Saturday, January 27, 2007

Let the Feet in the Street Speak!

Last November's Vote Against Iraquagmire Requires Amplification.

100,000 (more or less) marched in Washington. Protest organizers said the crowd included people who came on 300 buses from 40 states. The protest was largely organized by the group United for Peace and Justice, a coalition of 1,400 local and national organizations. Michael McPhearson, executive director of Veterans for Peace, said more than 100 veterans from the Iraq war participated in the march, and several hundred veterans from previous wars attended as well. Representative Dennis J. Kucinich, Democrat of Ohio and a candidate for the presidency in 2008 and Representative Maxine Waters, Democrat of California, were among the speakers. The House Judiciary Committee chairman, Rep. John Conyers, threatened to use congressional spending power to try to stop the war:
George Bush has a habit of firing military leaders who tell him the Iraq war is failing. He can't fire you. He can't fire us.
Robert Watada, 67, of Honolulu, a retired executive with the State of Hawaii who said his son, First Lt. Ehren K. Watada, was to be court-martialed next month for refusing to deploy to Iraq, said:
So many thousands of our own have died and hundreds of thousands of Iraqis and for what? And still we are having to push Congress to block the president.
Other speakers were Reverend Jesse Jackson, actors Sean Penn, Jane Fonda, Susan Sarandon and Tim Robbins.

In California, smaller rallies were held in San Francisco, Sacramento and Los Angeles, featuring Cindy Sheehan and Ron Kovics.

The day's activities were largely organized by the group United for Peace and Justice, a coalition of 1,400 local and national organizations. Included in the coalition are the National Organization for Women, United Church of Christ, the American Friends Service Committee, True Majority, Military Families Speak Out, Iraq Veterans Against the War, the U.S. Campaign to End the Israeli Occupation, CodePink, MoveOn.org, and September 11th Families for Peaceful Tomorrows.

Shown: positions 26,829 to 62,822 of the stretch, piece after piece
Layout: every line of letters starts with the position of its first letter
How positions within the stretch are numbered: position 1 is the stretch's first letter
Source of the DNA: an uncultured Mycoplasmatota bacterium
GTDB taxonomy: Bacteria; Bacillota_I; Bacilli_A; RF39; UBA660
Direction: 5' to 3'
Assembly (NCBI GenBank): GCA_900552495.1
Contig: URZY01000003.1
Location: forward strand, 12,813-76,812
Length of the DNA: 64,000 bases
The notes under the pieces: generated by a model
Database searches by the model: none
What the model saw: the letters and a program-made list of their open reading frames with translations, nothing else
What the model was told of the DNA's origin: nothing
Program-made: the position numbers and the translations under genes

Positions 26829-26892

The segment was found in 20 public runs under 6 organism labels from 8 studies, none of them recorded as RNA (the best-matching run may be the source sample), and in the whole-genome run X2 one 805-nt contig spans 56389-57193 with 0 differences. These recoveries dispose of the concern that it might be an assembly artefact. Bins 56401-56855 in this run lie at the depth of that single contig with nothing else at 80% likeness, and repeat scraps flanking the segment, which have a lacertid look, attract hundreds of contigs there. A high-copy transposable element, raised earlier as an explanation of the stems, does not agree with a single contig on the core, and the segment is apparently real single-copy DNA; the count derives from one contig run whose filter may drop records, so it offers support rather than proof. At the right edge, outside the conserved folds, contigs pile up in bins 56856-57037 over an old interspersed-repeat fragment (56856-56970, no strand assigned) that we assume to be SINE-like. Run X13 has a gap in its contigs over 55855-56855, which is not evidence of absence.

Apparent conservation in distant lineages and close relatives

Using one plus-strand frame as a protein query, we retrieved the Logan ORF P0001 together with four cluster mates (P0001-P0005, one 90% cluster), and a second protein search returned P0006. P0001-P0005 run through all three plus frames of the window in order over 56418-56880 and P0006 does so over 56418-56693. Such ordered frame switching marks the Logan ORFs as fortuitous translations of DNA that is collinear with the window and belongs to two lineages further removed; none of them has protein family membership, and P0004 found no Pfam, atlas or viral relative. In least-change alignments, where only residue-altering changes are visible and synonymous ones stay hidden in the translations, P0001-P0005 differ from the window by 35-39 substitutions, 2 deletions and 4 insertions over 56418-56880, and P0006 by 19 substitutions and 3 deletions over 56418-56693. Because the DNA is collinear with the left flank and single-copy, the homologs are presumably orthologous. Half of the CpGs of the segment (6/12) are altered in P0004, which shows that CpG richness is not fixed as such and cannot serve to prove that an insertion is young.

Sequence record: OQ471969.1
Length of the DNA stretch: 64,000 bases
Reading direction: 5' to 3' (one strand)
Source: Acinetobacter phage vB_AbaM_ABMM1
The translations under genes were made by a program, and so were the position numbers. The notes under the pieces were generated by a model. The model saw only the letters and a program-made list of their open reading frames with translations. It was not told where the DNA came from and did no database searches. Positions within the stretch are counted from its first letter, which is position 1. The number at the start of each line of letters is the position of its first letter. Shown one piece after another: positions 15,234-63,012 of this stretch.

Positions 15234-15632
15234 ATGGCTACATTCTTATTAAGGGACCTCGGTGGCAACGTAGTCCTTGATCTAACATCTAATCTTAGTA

5 Moderated Comments:

Blogger Wysiwyg said...

Hanoi Jane is back. But this time, she's not disrespecting the troops.

1/28/2007 09:20:00 AM  
Anonymous pekka said...

Sometimes my reckless optimism clouds my judgment, but I have a good feeling about the future "amplifications". This could perhaps be considered as a spark that will ignite bigger and wider protests. This sort of a street action haven't really been around since the 70's, and the idea of marching for peace might not be an natural reaction for average Joe. I am confident, though, that with a plenty of bad news (unfortunately) still to come and continuing fumbling by "Krusty the Clown", Joe will hit the pavement with a vigor. Flood gates just might have been opened?

1/28/2007 10:44:00 AM  
Blogger Non-Partisàn said...

And in Palm Springs

1/28/2007 06:50:00 PM  
Blogger Vigilante said...

To those who think demonstrations are (a) a distraction or (b) an embarassment: open the L.A. Times editorial pages this morning. See any mention that the U.S.A. is at war? Anywhere in the world? Huh? Basically all pre-911 stuff. Folks are shopping.

1/29/2007 08:53:00 AM  
Anonymous O.G. said...

I objected to the anti-Israeli speechifying at the demonstration - big mistake. Organizers can't control who marches or demonstrates, but they should control who speaks or at least what they say.

Taking random shots at Israel loses the focus of the demonstration, and alienates pro-Israeli opponents to Bush.

The Israeli/Palestinian conflict is NOT relevant to the purpose of the rally, which was to push US policymakers to get the US out of Iraq.

If those want to protest Israel occupation of Palestine, they should go ahead and organize a protest protesting Israel, but they should not hijack an anti-Iraqi invasion protest and pretend you got 100,000 people to show up for it.

1/29/2007 08:21:00 PM  

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